Screen air temperature is an important climatological variable and accurate mapping of its spatial and temporal distribution is of great interest for various scientific disciplines. The low spatial density of meteorological stations, however, results in relatively large errors during data interpolation and makes it difficult to retrieve the spatial pattern of the temperature field. Errors of the order of 1 to 3 K are mentioned in the literature. The current study investigates the possibilities of mapping and monitoring the spatial distribution of daily maximum air temperatures with the help of time series of NOAA‐AVHRR images. The study has been performed for the Mediterranean region of Andalusia in southern Spain. Data analysis included 31 meteorological stations and 148 AVHRR images from the year 1992. Regression analysis between the daily maximum air temperature (Tmax) and the mean surface skin temperature (Ts) retrieved for 11 km2image windows centred over each station, suggests that Tmaxis strongly linked to Tsin the given environment (mean R2=0·823) and that for individual stations Tmaxcan be retrieved from Tswith a mean error of about 2 K. The spatial representativity of the station measurements as well as the influence of altitude and land use on the results are discussed. Finally, the possibilities of retrieving the spatial pattern of Tmaxhave been evaluated through a cross‐validation approach. In this analysis Tmaxhas been predicted for each station and for all days of available image data based on a regression model retrieved from all other stations. Again the results indicate that we are able to reproduce the daily distribution of maximum air temperatures with a mean error of the order of 2 to 2·5 K, using satellite‐retrieved surface skin temperatures. In addition, the method allows for the detection of stations with a low spatial representativity or a pronounced measurement bias. Future research will aim at the inclusion of further physiographic data, the grouping of stations according to site‐specific characteristics and an analysis according to seasons. © 1997 Royal Meteorological Society.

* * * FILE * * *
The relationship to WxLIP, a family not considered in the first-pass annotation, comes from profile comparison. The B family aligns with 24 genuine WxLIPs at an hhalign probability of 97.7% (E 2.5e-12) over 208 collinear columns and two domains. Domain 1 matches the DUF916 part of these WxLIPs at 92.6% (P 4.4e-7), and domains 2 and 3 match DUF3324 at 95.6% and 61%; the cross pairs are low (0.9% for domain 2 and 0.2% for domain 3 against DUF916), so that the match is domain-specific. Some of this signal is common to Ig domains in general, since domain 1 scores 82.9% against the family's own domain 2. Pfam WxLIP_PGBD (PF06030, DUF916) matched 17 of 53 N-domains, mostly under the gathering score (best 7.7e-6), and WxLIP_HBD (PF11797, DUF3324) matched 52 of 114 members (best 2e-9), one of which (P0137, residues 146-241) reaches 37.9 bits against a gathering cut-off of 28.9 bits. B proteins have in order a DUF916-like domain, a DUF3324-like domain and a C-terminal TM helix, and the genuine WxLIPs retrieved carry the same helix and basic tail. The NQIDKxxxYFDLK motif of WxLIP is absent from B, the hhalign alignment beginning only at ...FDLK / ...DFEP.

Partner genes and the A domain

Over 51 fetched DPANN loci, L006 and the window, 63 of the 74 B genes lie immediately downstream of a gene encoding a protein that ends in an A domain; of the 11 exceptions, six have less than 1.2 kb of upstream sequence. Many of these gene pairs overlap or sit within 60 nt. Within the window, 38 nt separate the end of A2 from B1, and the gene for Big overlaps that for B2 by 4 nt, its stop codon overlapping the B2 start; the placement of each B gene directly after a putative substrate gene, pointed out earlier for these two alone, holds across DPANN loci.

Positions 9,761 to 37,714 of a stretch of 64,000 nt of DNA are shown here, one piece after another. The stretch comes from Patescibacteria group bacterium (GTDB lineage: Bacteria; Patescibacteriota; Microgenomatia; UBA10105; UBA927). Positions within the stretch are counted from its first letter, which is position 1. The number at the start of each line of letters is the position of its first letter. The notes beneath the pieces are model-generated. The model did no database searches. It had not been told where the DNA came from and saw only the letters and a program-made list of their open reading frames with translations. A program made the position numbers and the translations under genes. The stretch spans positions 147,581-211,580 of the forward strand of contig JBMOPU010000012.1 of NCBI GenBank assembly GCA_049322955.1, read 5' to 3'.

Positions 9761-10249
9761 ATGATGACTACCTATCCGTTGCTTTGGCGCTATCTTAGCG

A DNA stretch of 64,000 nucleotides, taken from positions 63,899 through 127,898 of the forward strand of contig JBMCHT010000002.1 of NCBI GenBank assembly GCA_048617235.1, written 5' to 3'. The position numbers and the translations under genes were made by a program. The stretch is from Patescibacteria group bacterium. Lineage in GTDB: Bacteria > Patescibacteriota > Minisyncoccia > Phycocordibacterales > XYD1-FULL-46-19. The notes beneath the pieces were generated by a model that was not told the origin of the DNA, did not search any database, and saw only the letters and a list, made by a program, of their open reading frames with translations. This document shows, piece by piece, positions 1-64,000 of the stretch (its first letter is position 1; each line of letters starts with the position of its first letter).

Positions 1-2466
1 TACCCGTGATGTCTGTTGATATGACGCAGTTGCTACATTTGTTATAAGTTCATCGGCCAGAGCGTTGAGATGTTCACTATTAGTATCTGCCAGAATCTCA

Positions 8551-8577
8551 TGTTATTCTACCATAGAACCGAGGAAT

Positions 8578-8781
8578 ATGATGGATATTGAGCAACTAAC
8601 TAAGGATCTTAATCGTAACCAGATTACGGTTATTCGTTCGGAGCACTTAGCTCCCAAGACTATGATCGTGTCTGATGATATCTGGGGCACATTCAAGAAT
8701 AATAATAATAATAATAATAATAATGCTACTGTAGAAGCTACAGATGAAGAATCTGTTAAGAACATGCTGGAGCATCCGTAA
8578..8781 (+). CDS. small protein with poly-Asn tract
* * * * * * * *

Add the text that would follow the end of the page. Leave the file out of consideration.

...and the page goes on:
International Journal of Climatology – Wiley
Published: Nov 30, 1997
It’s your single place to instantly
discover and read the research
that matters to you.
Enjoy affordable access to
over 18 million articles from more than
15,000 peer-reviewed journals.
All for just $49/month
Query the DeepDyve database, plus search all of PubMed and Google Scholar seamlessly
Save any article or search result from DeepDyve, PubMed, and Google Scholar... all in one place.
Get unlimited, online access to over 18 million full-text articles from more than 15,000 scientific journals.
Read from thousands of the leading scholarly journals from SpringerNature, Elsevier, Wiley-Blackwell, Oxford University Press and more.
All the latest content is available, no embargo periods.
“Hi guys, I cannot tell you how much I love this resource. Incredible. I really believe you've hit the nail on the head with this site in regards to solving the research-purchase issue.”Daniel C.
“Whoa! It’s like Spotify but for academic articles.”@Phil_Robichaud
“I must say, @deepdyve is a fabulous solution to the independent researcher's problem of #access to #information.”@deepthiw
“My last article couldn't be possible without the platform @deepdyve that makes journal papers cheaper.”@JoseServera